First published on the Finance Against Trafficking website. Click here.
“How many slaves do you own?” This was the confronting question asked by keynote speaker, Jean Baderschneider (Polaris Project) right before the day came to an end. Even more confronting was the response to her own question: “I own 77… because of what I wear and the way I live my life”.
In a way, this approach to presenting the issue of human trafficking had more meaning for me than “the 21million” – a frequently cited, yet likely modest, estimate of the number of trafficked persons around the world today. It was more graspable and it certainly gave me something to think about. Considering that I probably have more awareness than the average consumer about the severity of human trafficking, forced or bonded labour, and modern slavery in today’s world, even I can’t say that I make the most informed decisions every single time I decide to buy a product. The truth is consumers do not have the right kind of information at their fingertips to be constantly making the right purchasing decisions. Of course, consumers can influence change in a market through their preferences, but at the very heart of it consumers ought to be able to trust the brands they buy.
There is no easy way to sum up the breadth of issues touched on throughout the day but the overriding message was loud and clear: when contemplating global supply chains, “one cannot ignore the issue of human trafficking”. Moreover, businesses have a responsibility to address the issue of human trafficking in their supply chains. However difficult and complex supply chains are, businesses are best placed to ensure that both the demand and supply for trafficked labour is significantly reduced, if not brought down to zero. Moreover, no matter how hidden the crime is and how institutionalised it has become in certain regions and sectors, there are means and an ever growing number of trusty tools, to help a business get to the source and leverage influence. Not least the new online, question-based tool produced by Finance Against Trafficking called ChainChecker.
Truth be told, even before the day had come I had already channelled all my excitement into the thought of being within reach of Ruggie, the protagonist of all things Business and Human Rights. All I had written in my diary under April 11th was: “RUGGIE” in big capital letters. His call for Leaders and Action left its impression, but, as it turned out, by no means was it the only highlight of the summit. The day provided for lively panel discussions, brought up probing questions, and unveiled some astonishing facts and statistics. Did you know that if all trafficked workers in the seafood sector in Thailand were saved, the industry would collapse? Or that 1 in 3 trafficked labourers in the UK work in the food sector?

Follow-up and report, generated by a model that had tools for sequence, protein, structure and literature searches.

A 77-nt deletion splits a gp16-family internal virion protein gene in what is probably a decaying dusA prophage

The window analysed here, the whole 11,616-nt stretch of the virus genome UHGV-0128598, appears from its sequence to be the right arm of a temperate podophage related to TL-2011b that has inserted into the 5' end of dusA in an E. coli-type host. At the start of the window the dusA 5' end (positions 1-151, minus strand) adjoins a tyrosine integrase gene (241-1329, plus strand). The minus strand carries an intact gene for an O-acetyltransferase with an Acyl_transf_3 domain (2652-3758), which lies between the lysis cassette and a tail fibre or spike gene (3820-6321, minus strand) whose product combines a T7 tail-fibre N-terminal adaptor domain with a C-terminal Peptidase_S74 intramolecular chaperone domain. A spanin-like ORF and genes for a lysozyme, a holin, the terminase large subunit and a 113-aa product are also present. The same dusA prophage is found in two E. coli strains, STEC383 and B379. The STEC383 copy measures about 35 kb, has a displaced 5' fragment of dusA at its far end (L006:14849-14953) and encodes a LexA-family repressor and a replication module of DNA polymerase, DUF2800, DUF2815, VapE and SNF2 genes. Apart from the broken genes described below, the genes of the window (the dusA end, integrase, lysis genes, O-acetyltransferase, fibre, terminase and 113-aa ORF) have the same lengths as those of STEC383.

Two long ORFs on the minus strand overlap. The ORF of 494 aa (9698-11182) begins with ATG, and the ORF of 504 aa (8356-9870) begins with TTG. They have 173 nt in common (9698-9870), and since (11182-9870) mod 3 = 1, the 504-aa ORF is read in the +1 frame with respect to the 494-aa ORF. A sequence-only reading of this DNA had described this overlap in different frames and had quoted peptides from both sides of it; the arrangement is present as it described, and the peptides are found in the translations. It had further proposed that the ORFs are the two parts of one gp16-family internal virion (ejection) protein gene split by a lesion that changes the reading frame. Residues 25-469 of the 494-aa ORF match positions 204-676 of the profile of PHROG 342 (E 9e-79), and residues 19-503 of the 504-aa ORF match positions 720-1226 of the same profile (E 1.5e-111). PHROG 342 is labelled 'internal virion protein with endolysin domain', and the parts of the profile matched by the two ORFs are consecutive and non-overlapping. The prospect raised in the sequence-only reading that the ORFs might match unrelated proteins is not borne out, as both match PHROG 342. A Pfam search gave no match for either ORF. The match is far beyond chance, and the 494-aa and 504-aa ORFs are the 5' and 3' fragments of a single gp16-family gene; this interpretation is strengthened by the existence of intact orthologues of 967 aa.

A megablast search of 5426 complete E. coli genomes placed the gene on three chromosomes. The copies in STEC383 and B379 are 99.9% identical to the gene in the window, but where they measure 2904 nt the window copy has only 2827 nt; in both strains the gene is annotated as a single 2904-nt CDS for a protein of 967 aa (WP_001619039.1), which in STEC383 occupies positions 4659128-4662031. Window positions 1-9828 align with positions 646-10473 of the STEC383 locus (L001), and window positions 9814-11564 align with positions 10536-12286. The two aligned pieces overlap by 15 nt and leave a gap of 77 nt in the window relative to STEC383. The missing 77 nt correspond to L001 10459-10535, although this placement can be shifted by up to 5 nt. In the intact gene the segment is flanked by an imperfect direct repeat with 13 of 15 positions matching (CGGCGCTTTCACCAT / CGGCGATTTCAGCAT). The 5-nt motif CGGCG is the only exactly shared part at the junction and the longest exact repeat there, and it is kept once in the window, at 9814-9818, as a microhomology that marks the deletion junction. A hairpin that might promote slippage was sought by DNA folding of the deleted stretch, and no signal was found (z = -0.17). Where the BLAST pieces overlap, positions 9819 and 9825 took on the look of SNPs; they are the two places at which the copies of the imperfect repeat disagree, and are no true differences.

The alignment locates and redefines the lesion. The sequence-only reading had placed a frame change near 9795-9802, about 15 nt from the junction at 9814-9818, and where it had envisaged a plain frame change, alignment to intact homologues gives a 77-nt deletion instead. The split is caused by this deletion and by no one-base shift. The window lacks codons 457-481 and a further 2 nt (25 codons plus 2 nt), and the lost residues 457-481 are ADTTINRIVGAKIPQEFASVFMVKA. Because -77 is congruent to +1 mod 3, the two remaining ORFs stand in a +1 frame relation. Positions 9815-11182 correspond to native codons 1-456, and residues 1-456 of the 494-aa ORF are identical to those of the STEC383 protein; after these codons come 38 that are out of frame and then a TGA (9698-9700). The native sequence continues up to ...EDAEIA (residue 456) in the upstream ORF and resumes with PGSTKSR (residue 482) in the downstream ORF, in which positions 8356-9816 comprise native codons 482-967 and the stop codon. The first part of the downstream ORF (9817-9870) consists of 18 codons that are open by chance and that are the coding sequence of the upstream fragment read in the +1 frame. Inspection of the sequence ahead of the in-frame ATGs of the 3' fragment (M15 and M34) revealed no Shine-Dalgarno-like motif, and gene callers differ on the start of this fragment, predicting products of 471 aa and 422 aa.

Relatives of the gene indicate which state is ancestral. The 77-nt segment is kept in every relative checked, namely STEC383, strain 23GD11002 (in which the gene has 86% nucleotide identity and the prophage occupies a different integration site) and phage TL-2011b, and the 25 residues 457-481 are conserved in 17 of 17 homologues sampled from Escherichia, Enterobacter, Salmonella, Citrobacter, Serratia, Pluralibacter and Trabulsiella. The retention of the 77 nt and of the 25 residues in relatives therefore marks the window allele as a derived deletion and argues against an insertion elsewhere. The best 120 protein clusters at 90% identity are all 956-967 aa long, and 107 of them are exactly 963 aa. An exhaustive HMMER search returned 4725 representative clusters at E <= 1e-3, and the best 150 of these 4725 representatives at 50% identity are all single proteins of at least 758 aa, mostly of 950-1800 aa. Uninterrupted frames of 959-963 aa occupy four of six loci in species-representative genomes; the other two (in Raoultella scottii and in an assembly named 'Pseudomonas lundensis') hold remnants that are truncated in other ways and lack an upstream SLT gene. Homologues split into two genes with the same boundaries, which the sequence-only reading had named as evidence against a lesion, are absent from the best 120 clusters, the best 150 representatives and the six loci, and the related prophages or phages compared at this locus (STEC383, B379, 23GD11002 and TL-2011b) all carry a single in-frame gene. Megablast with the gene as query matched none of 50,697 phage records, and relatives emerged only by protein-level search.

Above all the day provided practical information for businesses on how to identify areas of risk and how to mitigate those risks. There were organisations who seek through diverse means to eradicate the involvement of agencies or middlemen, who frequently facilitate trafficking by drawing a person in with a tempting job offer under false pretences and subsequently leaving them in a completely vulnerable position. Kohl Gill, CEO of LaborVoices Inc, made evident the potential for technology to empower workers with its application: a font of real-time data related to social and environmental issues in the workplace enabling workers, employers, and purchasing organisations to be aware and make better decisions. Beate Andrees set out the ILO’s latest strategic objectives and reminded us of the several conventions already in place to help guide us to tackle this pandemic. Amongst many more, there was also Finance Against Trafficking’s very own Liliya Gelemerova, who discussed the link between money laundering and trafficking, the importance of due diligence and the red flags financial institutions should be looking out for.
From the investor side, Stephanie Maier (Head of Corporate Responsibility at Aviva Investors) stated that one should never underestimate the power of a question. Although I entirely agree, I wondered if it is exactly because of the power of a question that businesses tend to avoid asking it. After all, ignorance is bliss.
However, this is increasingly becoming less of a choice, even if companies don’t act voluntarily. The day was peppered with references to the various laws which have come into play or are undergoing the legislative process both in the US, the UK and across the EU. Even if companies can be in compliance by disclosing that they are doing nothing to address trafficking and human rights issues, for example, there are only so many years they can keep that up without feeling the pressure to change.
Marcela Manubens – Global Vice President for Social Impact from Unilever – in particular said companies cannot do it on their own: this is not a matter of developing a competitive advantage but achieving transparency, and policy and regulation need to be welcomed on this matter. Keynote speaker Jean Baderschneider who was once in charge of the ExxonMobil supply chain gave reasons why both governments and businesses should care – they are losing out on:
– Reputation as countries /Brand value as companies
– Tax base / Revenue
As a good place to start, she proposed an overhaul of procurement practices. Rather than focus on auditing and certification, develop robust supplier qualification and risk assessment processes from the outset. More importantly, one must recognise that the work of cleaning up a supply chain is ongoing; it is never done.
To end on the words of Ruggie: conventions and written instruments on their own don’t cut it – those 21million are still out there. Leadership and action within the business community, along with the sensible use of its collective purchasing power, are the real levers for change.
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